The single most important fact described in Carroll’s book is how natural selection has left a glaringly obvious signature in DNA. Carroll succinctly takes us through the evidence in the chapter devoted to immortal genes. Let’s revisit this. Many genes are long-lived, meaning that the proteins they encode haven’t changed that much over evolutionary time. Carroll cites Eugene V. Koonin’s list of 500 core gene, also called immortal genes, that are shared by all domains of life, meaning that their proteins have persisted over 2 billion years of evolution before Archaeas, bacteria, plants, fungi, animals and other eukaryotes emerged from their last common ancestor. Carroll shows an alignment of a portion of elongation factor 1a highlighting the amino-acids that are identical across all these domains of life. Just like their proteins, these amino acids are “immortal”, they were present in the last common ancestor of all living organisms and have remained unchanged throughout 2 billion years of evolution. Remarkable, isn’t it?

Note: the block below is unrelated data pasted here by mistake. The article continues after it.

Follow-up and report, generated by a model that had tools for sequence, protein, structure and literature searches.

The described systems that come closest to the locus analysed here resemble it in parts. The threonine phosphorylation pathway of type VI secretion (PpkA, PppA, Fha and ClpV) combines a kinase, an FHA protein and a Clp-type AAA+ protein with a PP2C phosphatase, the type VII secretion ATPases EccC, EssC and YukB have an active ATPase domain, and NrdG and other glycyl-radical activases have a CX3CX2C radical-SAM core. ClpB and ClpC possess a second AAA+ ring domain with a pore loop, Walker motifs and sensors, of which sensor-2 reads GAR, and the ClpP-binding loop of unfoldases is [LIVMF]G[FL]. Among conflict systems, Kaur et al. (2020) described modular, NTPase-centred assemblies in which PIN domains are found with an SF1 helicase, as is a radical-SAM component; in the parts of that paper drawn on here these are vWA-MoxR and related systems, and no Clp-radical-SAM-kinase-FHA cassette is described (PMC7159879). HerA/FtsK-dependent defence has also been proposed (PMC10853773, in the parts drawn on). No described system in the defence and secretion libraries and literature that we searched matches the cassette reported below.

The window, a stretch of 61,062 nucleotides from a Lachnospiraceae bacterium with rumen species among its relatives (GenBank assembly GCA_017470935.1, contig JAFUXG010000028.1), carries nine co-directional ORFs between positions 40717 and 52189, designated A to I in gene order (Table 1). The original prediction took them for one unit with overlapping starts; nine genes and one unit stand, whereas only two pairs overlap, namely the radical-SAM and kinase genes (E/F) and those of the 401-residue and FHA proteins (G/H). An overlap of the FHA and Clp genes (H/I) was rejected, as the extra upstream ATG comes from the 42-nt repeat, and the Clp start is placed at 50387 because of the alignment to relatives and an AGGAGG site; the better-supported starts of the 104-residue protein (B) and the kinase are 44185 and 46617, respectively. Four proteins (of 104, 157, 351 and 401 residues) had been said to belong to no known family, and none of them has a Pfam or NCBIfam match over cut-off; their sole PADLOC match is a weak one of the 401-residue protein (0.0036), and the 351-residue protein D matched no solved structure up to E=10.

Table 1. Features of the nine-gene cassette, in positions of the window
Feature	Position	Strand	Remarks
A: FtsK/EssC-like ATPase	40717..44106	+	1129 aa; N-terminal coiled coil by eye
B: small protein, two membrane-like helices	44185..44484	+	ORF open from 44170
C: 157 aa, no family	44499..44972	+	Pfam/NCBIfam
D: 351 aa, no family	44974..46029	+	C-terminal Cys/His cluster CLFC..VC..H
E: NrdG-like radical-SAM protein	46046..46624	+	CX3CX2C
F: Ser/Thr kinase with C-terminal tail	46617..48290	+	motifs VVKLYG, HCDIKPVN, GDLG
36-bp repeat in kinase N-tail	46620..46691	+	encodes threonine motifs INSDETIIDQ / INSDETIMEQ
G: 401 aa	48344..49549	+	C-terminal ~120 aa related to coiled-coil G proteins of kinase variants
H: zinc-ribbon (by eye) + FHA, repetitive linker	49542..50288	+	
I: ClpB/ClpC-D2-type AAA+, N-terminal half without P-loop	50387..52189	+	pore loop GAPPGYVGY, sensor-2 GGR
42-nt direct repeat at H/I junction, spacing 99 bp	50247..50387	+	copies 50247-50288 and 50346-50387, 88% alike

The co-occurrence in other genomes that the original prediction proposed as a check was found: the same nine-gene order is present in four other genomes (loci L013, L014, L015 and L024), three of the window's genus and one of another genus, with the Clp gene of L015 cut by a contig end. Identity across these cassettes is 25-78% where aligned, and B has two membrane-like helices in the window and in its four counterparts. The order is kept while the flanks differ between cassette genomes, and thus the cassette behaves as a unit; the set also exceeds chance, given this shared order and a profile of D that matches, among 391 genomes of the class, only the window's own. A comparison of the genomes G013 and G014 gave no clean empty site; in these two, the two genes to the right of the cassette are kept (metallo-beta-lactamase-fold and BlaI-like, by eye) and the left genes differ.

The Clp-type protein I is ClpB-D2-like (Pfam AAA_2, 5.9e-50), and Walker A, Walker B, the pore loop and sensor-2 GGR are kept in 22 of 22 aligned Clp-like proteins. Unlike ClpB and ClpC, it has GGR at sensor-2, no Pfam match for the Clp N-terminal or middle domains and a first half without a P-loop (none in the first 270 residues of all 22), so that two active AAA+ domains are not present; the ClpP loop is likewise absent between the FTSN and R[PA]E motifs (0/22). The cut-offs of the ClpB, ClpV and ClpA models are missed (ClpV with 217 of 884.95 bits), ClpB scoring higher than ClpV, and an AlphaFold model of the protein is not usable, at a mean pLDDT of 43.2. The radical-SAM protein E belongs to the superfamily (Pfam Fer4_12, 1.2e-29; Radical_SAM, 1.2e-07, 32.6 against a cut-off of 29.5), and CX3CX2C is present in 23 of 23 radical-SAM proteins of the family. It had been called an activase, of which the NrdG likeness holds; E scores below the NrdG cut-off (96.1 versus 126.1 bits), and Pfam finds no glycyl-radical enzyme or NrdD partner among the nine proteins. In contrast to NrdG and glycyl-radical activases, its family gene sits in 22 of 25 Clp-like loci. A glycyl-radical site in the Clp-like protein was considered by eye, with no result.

Closer to home, this last year, Hiroaki Adachi and several of my colleagues reported on how the plant gene ZAR1 is unusually conserved for a gene encoding an immune receptor — a class of genes that are known to be rapidly diversifying. Our analyses revealed that ZAR1 is long-lived, it has probably emerged in the Jurassic era over 150 million years ago early in the evolution of flowering plants. Just like Carroll’s example of elongation factor 1a, we can align ZAR1 from multiple species and show how a great number of amino acids are identical, meaning that they are effectively long-lived residues that have persisted in the ZAR1 protein for tens of million of years.
A key concept here is that these genes are conserved not because they haven’t mutated — they have been bombarded over and over with mutations just like any other gene — but because of natural selection. More precisely, purifying natural selection has eliminated the great majority of mutations that resulted in an amino acid change. This is the molecular biology version of Darwin’s “weeding out the weak.” The beauty of this is that we know that purifying selection has operated on these genes with absolute certainty. We have beyond any reasonable doubt the proof of purifying selection written right there in the genome of every single living organism.